Back to Journals » Clinical Interventions in Aging » Volume 15

Prevalence of Falls, Physical Performance, and Dual-Task Cost While Walking in Older Adults at High Risk of Falling with and Without Cognitive Impairment

Authors Li F, Harmer P

Received 20 March 2020

Accepted for publication 29 May 2020

Published 22 June 2020 Volume 2020:15 Pages 945—952


Checked for plagiarism Yes

Review by Single anonymous peer review

Peer reviewer comments 3

Editor who approved publication: Dr Richard Walker

Fuzhong Li,1 Peter Harmer2

1Oregon Research Institute, Eugene, OR 97403, USA; 2Department of Exercise and Health Science, Willamette University, Salem, OR, 97301, USA

Correspondence: Fuzhong Li
Oregon Research Institute, 1776 Millrace Dr., Eugene, OR 97403, USA

Purpose: To compare the prevalence of falls, physical performance, and dual-task cost during walking between cognitively healthy and impaired older adults at high risk of falling.
Methods: A cross-sectional analysis of 670 community-dwelling older adults who were considered at high risk of falling, operationalized as 1) having fallen at least once in the preceding 12 months and having a health-care practitioner’s referral indicating that the participant was at risk of falls or 2) having impaired mobility as evidenced by a Timed Up and Go (TUG) result ≥ 13.5 s. Participants (mean age = 77.7 years, SD = 5.6) were divided into cognitively healthy (n = 461) or cognitively impaired (n = 209) groups using a cutoff score of < 23 on the Montreal Cognitive Assessment test. Assessment included self-reported number of falls over the previous 12 months, functional reach, TUG, Short Physical Performance Battery (SPPB), and single- and dual-task walk performance. Data were analyzed using Poisson regression to estimate the prevalence ratios of falls and analysis of variance to examine between-group differences on physical performance and dual-task cost during walking performance.
Results: In the analysis, 82.3% of older adults with cognitive impairment and 69.4% of unimpaired older adults reported 1 or more falls in the previous 12 months. Compared with cognitively healthy participants, those with cognitive impairment were 2.57 (95% confidence interval [CI] = 2.17 to 3.05) times more likely to have any fall and 2.33 (95% CI = 1.95 to 2.78) times more likely to have multiple falls. Older adults with cognitive impairment performed worse on functional reach (mean difference [MD] = − 2.33 cm, 95% CI = − 3.21 to − 1.46), TUG (MD = 3.05 s, 95% CI = 2.22 to 3.88), and SPPB (MD = − 1.24 points, 95% CI = − 1.55 to − 0.92) and showed increase in dual-task costs (MD = 6.59%, 95% CI = 4.19 to 9.03) compared to those without cognitive impairment.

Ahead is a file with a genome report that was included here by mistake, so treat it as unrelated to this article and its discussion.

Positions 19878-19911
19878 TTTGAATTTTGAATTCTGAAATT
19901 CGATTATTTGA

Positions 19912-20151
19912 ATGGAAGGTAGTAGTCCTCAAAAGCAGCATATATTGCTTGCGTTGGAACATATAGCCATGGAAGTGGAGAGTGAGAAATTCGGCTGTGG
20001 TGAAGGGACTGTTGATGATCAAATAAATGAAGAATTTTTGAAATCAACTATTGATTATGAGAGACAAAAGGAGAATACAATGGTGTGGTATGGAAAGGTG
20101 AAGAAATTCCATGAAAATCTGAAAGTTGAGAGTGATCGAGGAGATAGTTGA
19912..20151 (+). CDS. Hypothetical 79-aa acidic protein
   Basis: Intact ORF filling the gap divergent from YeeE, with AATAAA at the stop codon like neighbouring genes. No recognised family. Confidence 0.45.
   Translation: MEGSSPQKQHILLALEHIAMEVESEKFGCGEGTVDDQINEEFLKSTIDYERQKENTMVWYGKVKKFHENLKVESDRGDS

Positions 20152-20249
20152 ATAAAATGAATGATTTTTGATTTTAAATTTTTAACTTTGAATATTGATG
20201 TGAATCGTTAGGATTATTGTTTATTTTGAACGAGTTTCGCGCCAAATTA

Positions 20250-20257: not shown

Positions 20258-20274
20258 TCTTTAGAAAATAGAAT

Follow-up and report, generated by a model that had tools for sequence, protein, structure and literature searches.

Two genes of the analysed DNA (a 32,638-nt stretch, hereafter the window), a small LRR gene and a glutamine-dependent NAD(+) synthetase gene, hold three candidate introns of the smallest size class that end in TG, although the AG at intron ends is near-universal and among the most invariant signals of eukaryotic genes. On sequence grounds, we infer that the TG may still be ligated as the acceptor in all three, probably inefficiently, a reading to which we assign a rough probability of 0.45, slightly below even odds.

Conclusion: Older adults at high risk for falls and who have cognitive impairment are associated with a greater risk for falls and decrements in physical and dual-task performance.

Keywords: cognitive impairment, dual-task, falls, elderly, physical performance

Creative Commons License This work is published and licensed by Dove Medical Press Limited. The full terms of this license are available at and incorporate the Creative Commons Attribution - Non Commercial (unported, v3.0) License. By accessing the work you hereby accept the Terms. Non-commercial uses of the work are permitted without any further permission from Dove Medical Press Limited, provided the work is properly attributed. For permission for commercial use of this work, please see paragraphs 4.2 and 5 of our Terms.

Download Article [PDF]  View Full Text [HTML][Machine readable]